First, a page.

Working with Alloy
At Alloy, we work with companies at many stages in their development lifecycle - sometimes incubating them from the seed of an idea, and sometimes getting involved much later.
At whichever stage we invest, Alloy's ultimate goal is to build successful companies that reward investors, entrepreneurs, and limited partners. For more information on how we partner with entrepreneurs to build great companies at every stage, click on the categories below:
Entrepreneurs driving companies in their earliest stages - often when the "company" is just one smart person with the seed of a great idea - not only need seed financing, but hands-on guidance building their businesses from the ground-up. Through our incubation and entrepreneur-in-residence programs, Alloy hosts entrepreneurs in our office and helps them turn an idea into a solid business plan. We also provide seed funding to young companies that have great ideas with real market potential, but which may not be ready for "prime time". When Alloy gets involved with a company at this very early stage, we often help draft business plans, hire teams, and hammer out the nitty-gritty that's needed to build a company from scratch. Then, through our extensive industry connections, we introduce young companies to the partners they need to succeed. Over the years, Alloy's incubation and seed-stage investing has produced some of the most successful IT and Life Sciences companies, including Avidia (acquired by Amgen), Camitro (acquired by Arqule), Adiana (acquired by Cytcy/Hologic), Favrille (acquired by Baxter), Conductus (completed an Initial Public Offering), Polimetric (acquired by YouGov), InPart (acquired by Cadence), Portola Communications (acquired by Netscape). Some of the companies we've incubated or seed funded more recently include Retrevo, the first matchmaking service for people and electronics that makes finding, buying, and using electronics products simple and fun; BÂRRX Medical, which develops treatment solutions for disorders of the digestive tract, including bleeding disorders, pre-cancerous conditions, and early cancers; and Innvotech, which does spinal implants for treatment of lower back pain.
Early-stage companies are all about hyper growth. With a core team in place, a clearly defined market opportunity, and an initial product, early-stage companies need critical support to reach the next level of success. The core of Alloy's business is early-stage investing. We help companies start strong out of the gates, working with entrepreneurs in the trenches - building out teams, consulting on product growth strategies, mapping out expansion plans, and helping secure further rounds of financing. During the early growth phase, Alloy leverages its network of industry and financial contacts to help its portfolio companies forge the long-term partnerships they need to ensure ongoing market leadership. When we say "early stage", we don't mean a science project, but a company with a clearly targeted market; we may identify a technology or innovation out of a research institute or an academic institution, and then follow its development for months or year, investing only when the company has built a solid initial team, defined a clear market opportunity, and identified target customers. Alloy's early-stage investing has produced market-leading companies in the IT and Life Sciences sectors, including Sapient Health Network (acquired byWebMD/Healtheon), Rainfinity (acquired byEMC). Some of the early-stage companies we've invested in recently include Nitronex (Developing Gallium Nitride based RF power transistors for WiMAX and other communication applications), Teradici (ICs for desktop virtualization enabling PC-over-IP), Optimedica (laser based opthamology instruments), KFx Medical (Device for percutaneous repair systems for rotator cuff repair), Genomatica ("Metabolic engineering" for renewable production of commodity chemicals), Pacific BioSciences(Ultra-fast genetic sequencing).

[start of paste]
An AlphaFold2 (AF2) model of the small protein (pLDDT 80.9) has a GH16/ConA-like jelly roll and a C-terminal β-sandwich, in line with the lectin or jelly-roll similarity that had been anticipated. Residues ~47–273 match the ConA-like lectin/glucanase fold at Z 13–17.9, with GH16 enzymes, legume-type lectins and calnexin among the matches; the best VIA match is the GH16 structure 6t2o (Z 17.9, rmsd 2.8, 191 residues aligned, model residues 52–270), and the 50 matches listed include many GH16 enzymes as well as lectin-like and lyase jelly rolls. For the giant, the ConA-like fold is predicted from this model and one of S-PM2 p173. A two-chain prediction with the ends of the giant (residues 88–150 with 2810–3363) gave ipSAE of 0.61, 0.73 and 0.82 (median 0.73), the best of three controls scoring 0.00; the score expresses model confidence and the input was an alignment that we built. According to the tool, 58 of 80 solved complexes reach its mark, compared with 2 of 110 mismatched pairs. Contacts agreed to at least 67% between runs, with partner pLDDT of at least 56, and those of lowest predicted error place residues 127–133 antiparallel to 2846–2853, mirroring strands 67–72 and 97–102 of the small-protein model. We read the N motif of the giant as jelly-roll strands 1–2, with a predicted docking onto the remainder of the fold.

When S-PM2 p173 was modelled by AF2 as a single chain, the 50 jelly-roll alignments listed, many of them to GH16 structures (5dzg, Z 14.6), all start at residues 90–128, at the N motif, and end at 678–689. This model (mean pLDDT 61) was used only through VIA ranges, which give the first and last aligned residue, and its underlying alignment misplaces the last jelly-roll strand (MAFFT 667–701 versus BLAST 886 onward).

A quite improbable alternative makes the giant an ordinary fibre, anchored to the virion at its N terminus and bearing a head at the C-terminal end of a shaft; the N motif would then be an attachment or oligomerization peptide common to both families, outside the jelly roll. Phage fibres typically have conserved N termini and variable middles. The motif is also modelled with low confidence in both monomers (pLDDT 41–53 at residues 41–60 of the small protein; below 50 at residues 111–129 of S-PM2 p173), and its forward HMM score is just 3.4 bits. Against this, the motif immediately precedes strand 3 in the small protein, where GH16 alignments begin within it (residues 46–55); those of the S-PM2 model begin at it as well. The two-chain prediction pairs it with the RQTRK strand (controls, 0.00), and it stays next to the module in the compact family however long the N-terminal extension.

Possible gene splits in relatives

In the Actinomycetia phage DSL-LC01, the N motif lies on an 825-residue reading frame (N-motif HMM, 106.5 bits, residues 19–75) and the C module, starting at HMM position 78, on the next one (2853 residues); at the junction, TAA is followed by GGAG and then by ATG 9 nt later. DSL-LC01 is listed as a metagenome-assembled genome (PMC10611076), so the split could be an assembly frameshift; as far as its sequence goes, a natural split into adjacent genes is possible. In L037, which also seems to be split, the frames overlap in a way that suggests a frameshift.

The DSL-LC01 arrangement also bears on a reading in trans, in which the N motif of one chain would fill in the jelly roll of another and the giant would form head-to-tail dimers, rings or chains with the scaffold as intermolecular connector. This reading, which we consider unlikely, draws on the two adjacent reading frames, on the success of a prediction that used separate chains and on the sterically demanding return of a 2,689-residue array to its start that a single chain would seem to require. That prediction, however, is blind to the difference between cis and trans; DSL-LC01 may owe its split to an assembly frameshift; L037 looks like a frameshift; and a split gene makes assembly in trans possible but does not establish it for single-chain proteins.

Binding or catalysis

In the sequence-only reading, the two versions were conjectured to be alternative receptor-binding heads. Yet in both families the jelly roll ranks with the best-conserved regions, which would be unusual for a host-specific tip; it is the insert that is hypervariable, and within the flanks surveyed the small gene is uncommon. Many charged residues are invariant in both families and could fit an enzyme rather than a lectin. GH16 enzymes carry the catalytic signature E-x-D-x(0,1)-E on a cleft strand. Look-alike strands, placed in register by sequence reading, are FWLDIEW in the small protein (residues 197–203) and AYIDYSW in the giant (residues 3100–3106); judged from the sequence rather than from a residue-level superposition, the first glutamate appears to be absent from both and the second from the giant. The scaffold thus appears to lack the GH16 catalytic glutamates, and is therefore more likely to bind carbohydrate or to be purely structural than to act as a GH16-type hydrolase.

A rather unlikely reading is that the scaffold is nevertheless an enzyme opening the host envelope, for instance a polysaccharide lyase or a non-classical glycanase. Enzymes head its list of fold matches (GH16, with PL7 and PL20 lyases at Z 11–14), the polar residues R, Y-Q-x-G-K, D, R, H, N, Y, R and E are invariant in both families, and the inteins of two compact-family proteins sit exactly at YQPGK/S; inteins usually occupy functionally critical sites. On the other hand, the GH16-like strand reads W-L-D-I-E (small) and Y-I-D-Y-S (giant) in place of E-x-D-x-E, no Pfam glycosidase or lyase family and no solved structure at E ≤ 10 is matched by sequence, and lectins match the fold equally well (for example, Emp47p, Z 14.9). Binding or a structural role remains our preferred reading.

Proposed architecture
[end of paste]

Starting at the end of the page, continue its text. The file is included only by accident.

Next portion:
While Alloy usually invests in early-stage companies, reserving capital for significant follow-on rounds, sometimes we'll join a company in its later stages. If a company has a large team, a fully-developed product, core customers, and growing revenues, Alloy may invest if we can identify a synergistic fit with one of our other portfolio companies, or one of our partners can offer specific sector expertise. The partners at Alloy will invest in a later stage opportunity where we have some unfair advantage in evaluating the risk/reward profile, due to our team's extensive operating experience in fields such as biotech, IT systems, medical devices, and beyond. When we get involved at a later stage, Alloy helps companies define their long-term growth strategies and plan for a successful exit. Some of the notable later-stage investments we've made include Nuance Communication (acquired by cisco), AccelGraphics (acquired by Evans & Sutherland) More recently, we invested in the later rounds of Fluidigm(develops, manufactures and sell Integrated fluidic circuits), Cortina (Communication chips for networking and telecommunications), Xactly (software as a service solution for sales performance management) In each case, our team's inside knowledge in these unique sectors has allowed us to offer strategic guidance to these later-stage companies nearing exit.